What's all If This Then That about then?

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Not so long ago we ran a story entitled ‘How to make the news come to you‘. The basic idea being to help our readers, clients, and passers by better make use of all the Internet has to offer when it come to researching potential angles to use for a new public relations campaign.
One of our top recommendations was a relatively new service that only joined the legions of iOS apps over the summer. Nevertheless, it has already made such a huge impact to the way many of us go about our daily business it’s any wonder we managed without it all those years. OK- so If This Then That is no Google, but still, thanks to the way this little system works it’s the most useful way of searching for ideas we’ve found in some time.
Mashable clearly agrees, hence its article ‘How IFTTT is Changing the Way We Work‘. Despite such acclaim, though, thanks to the sheer number of new digital platforms launching each week, we realise there are many people that won’t have cottoned on to the benefits here, even though it could significantly reduce the hours they spend digging around for inspiration and relevant news events.
Developed by a guy called Linden Tibbets, a chap that gamers may be interested to learn started out life at software giant Electronic Arts, the principle is simple. If This Then That allows people to set up so-called ‘recipes’ for alerts. Linking up with multiple social networks, the result means we can specify an ‘If’- for example if content is added to BuzzFeed relating to professional photography- followed by a ‘then’- then send an email to my inbox.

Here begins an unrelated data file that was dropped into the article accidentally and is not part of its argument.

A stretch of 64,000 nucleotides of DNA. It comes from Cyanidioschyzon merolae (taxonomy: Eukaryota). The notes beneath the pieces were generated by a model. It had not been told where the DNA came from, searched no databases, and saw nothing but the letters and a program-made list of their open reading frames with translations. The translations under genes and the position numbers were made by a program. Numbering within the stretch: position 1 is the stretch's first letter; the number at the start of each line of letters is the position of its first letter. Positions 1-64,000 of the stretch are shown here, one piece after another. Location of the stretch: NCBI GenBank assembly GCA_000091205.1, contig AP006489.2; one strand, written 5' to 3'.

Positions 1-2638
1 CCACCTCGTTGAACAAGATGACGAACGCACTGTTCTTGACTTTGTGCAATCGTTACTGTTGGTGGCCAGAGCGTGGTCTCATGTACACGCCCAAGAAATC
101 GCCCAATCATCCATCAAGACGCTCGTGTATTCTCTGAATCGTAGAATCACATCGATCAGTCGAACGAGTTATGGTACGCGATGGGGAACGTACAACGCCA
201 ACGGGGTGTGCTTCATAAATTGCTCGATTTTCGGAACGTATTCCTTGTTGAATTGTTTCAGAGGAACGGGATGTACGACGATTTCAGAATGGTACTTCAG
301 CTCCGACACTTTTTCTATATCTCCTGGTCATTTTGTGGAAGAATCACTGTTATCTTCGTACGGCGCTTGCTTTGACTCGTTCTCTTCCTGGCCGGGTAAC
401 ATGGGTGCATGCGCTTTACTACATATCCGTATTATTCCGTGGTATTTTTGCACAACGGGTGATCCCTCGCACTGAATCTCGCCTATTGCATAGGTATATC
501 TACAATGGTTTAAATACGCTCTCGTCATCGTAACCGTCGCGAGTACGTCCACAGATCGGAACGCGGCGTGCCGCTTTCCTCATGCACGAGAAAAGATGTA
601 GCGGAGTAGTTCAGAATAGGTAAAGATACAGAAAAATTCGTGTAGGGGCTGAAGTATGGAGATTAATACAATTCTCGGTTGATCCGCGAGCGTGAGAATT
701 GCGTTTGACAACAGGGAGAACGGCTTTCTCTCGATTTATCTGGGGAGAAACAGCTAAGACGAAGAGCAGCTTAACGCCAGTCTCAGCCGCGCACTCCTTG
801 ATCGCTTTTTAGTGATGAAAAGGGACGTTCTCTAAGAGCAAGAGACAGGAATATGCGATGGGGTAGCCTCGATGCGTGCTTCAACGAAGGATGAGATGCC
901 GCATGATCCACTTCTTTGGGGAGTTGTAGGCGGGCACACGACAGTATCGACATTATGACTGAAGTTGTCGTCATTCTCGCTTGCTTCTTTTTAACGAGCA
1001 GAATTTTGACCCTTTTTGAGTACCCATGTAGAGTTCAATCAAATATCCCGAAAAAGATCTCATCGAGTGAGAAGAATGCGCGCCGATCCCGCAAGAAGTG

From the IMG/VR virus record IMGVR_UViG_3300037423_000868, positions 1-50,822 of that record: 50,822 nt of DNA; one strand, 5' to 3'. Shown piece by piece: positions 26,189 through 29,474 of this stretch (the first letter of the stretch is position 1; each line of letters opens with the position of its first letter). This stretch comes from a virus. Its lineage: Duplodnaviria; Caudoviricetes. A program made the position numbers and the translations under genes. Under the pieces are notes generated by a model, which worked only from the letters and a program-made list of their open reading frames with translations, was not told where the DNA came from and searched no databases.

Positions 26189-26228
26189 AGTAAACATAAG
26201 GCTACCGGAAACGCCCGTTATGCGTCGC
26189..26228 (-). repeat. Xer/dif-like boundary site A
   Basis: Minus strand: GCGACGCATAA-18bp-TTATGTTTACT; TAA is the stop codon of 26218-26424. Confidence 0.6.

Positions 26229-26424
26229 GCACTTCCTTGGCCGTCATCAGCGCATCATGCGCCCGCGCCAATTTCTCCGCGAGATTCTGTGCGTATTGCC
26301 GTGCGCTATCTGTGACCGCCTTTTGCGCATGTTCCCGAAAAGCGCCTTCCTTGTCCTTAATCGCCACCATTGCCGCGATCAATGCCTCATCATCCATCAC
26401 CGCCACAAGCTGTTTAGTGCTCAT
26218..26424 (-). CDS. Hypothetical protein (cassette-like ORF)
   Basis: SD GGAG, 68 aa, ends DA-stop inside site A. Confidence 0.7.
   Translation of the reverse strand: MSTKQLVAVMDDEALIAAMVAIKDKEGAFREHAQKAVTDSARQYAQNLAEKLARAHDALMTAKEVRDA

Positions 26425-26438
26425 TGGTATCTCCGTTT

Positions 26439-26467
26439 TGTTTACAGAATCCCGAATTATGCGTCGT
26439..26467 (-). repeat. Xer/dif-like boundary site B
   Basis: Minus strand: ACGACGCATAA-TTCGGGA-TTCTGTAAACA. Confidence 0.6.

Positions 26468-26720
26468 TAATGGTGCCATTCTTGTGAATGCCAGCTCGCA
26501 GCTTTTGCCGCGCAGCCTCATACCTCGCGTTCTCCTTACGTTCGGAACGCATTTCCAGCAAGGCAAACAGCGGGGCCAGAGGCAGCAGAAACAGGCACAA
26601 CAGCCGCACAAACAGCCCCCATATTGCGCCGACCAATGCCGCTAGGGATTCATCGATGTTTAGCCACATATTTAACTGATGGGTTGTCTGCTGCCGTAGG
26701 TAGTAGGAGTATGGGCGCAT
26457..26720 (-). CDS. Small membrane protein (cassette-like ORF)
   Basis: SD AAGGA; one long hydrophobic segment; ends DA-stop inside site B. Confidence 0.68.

In short then, by using this handy, incredibly easy to set up application along with our other accounts (currently Facebook, Diigo, Dropbox, ESPN, email, Etsy, Evernote, RSS, Feedly, ffffound!, Flickr, Foursquare, Gmail, Google Calendar, Google Talk, Instagram, iOS and Android contacts, JetSetMe, Last.fm, LinkedIn, Pocket, Readability, SmartThings, SMS messages, and SoundCloud can all be synced, to name but a handful), we can receive up to the minute information on any device, regarding new content relating to our industry. Or indeed interests.
One of the most interesting aspects of the service is the fact it can be linked to non-smartphones. By syncronising a text alert, as oppose to email or social media, it’s possible to be aware of what’s happening online, even when you don’t have a web connection handy. As such anyone that uses a replacement handset for travelling overseas, or indeed when you’re in an area without sufficient 3 or 4G coverage, should already have an account then.